What Would It Take for Nick Saban to Leave Alabama?

Barrett Sallee@BarrettSalleeSEC Football Lead WriterSeptember 19, 2013

Mack Brown has been the head coach of the Texas Longhorns for nearly 16 years, but it appears that he's wearing out his welcome. Complacency has set in, and fundamentals have become more myth than reality.

Sooner rather than later, Texas will be in the market for a new head football coach. Considering the money and the prestige of the program in the current era, a Longhorns coaching search would be wildly fascinating if and when the job opens up.

Just how fascinating?

According to the Associated Press, University of Texas regent Wallace Hall and former regent Tom Hicks spoke to Alabama head coach Nick Saban's agent about the job in January, shortly after Alabama's 42-14 win over Notre Dame in the BCS National Championship Game.

ATLANTA, GA - AUGUST 31:  Head coach Nick Saban of the Alabama Crimson Tide holds up the leather helmet after their 35-10 win over the Virginia Tech Hokies at Georgia Dome on August 31, 2013 in Atlanta, Georgia.  (Photo by Kevin C. Cox/Getty Images)
Kevin C. Cox/Getty Images

That's a full nine months before Texas—which is still coached by Brown—got off to a sluggish 1-2 start and apparently forgot how to tackle.

So what would it take for the Longhorns to pull Saban away from the Crimson Tide?

It's not money. If Texas backed up a Brinks truck to Saban's house, Alabama would drive one through the front door.

Saban is 61 years old. That's not necessarily ancient by college football standards, but it's close enough to retirement to make a jump unrealistic. Does Saban really want to leave to help rebuild Texas when he has things cooking at Alabama at such a high level that he can win a few more rings and then retire to Lake Burton?

Of course not.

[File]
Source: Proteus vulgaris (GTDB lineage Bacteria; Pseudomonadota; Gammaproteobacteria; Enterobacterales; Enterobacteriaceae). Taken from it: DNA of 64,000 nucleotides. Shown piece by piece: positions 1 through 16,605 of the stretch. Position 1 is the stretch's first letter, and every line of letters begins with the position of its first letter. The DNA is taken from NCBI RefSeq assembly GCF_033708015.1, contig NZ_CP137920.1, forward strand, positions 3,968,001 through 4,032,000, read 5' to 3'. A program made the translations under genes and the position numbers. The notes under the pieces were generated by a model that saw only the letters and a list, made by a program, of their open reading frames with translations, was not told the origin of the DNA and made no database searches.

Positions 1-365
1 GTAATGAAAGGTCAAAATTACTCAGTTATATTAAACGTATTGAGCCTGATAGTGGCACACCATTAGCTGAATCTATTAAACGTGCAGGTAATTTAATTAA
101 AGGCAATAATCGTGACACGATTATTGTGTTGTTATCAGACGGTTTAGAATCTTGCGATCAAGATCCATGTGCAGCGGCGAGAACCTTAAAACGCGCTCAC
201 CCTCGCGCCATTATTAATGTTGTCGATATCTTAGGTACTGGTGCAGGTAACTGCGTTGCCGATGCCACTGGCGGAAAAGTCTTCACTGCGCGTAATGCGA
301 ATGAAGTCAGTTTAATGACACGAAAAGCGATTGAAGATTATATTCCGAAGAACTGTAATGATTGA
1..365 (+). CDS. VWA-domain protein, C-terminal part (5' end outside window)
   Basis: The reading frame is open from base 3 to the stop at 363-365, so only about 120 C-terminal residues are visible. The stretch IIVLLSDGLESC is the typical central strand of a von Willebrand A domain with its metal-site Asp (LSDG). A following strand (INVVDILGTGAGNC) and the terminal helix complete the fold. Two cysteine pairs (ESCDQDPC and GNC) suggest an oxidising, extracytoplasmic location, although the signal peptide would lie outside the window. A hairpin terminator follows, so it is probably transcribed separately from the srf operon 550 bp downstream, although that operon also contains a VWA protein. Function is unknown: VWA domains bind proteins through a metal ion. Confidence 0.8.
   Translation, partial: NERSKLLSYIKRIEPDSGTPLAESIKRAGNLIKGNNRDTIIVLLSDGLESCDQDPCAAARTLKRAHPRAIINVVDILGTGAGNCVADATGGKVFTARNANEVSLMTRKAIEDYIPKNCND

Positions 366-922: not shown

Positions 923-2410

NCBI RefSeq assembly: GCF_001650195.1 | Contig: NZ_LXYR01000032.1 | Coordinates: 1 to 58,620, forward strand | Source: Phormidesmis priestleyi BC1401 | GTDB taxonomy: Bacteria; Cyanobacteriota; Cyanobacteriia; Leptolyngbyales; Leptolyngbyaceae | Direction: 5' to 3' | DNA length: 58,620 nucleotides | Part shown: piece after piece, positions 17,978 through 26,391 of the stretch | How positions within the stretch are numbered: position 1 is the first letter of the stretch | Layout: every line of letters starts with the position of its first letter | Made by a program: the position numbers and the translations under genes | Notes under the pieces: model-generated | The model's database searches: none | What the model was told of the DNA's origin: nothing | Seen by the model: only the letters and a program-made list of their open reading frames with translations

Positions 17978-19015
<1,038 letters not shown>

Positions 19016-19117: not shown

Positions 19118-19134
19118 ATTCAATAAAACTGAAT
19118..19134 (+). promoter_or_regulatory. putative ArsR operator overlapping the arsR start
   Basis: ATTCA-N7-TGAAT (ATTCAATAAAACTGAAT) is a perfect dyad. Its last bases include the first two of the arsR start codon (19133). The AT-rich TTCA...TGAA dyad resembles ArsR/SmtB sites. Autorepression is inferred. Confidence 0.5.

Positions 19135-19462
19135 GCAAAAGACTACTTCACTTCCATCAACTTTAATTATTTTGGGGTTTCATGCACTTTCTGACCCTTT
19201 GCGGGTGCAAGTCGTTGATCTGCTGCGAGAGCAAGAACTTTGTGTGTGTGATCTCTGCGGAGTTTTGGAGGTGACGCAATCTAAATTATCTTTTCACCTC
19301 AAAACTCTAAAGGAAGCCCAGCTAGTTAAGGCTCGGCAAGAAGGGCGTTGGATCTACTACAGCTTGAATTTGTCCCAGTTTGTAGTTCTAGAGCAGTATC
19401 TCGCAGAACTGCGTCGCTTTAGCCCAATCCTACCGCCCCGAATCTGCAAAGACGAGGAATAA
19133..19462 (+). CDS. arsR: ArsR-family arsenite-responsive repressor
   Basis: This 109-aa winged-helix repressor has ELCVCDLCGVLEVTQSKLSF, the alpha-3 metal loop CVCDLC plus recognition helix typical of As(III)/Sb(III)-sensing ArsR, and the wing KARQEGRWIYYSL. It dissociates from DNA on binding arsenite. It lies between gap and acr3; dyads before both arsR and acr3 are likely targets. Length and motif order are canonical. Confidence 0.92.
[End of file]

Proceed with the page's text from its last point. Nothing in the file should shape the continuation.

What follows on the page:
Saban is a control freak, but he's already got his team at Alabama buying into his process. Why start from scratch now?

Alabama head coach Nick Saban
Alabama head coach Nick SabanStacy Revere/Getty Images

The only thing that will drive Saban away from Tuscaloosa and to Austin is if Alabama doesn't want him anymore. With three titles in four seasons, it's hard to imagine a scenario in which that's possible, aside from some sort of major scandal.

Despite the eligibility issue that has popped up with former offensive lineman D.J. Fluker, there's nothing to suggest something major is around the corner.

There's already an indication the likelihood of Saban to Texas is more fantasy than reality. If he wanted the job, he would have told his agent, Jimmy Sexton, and Brown wouldn't even have had the opportunity to retire, as was reported by the AP. He would have been fired on the spot. 

Saban is an upgrade over Brown. That's been the case ever since Saban won his first BCS National Championship with LSU following the 2003 season. If he was a viable option, it would have gone way farther up the flagpole in January.

It didn't, and that speaks volumes.

Whenever Brown is let go and/or retires, the Texas coaching search is going to be a lot of fun. The Longhorns have the money to lure virtually anybody in the industry to Austin, and almost any coach in the country would jump at the opportunity.

Just not Saban.


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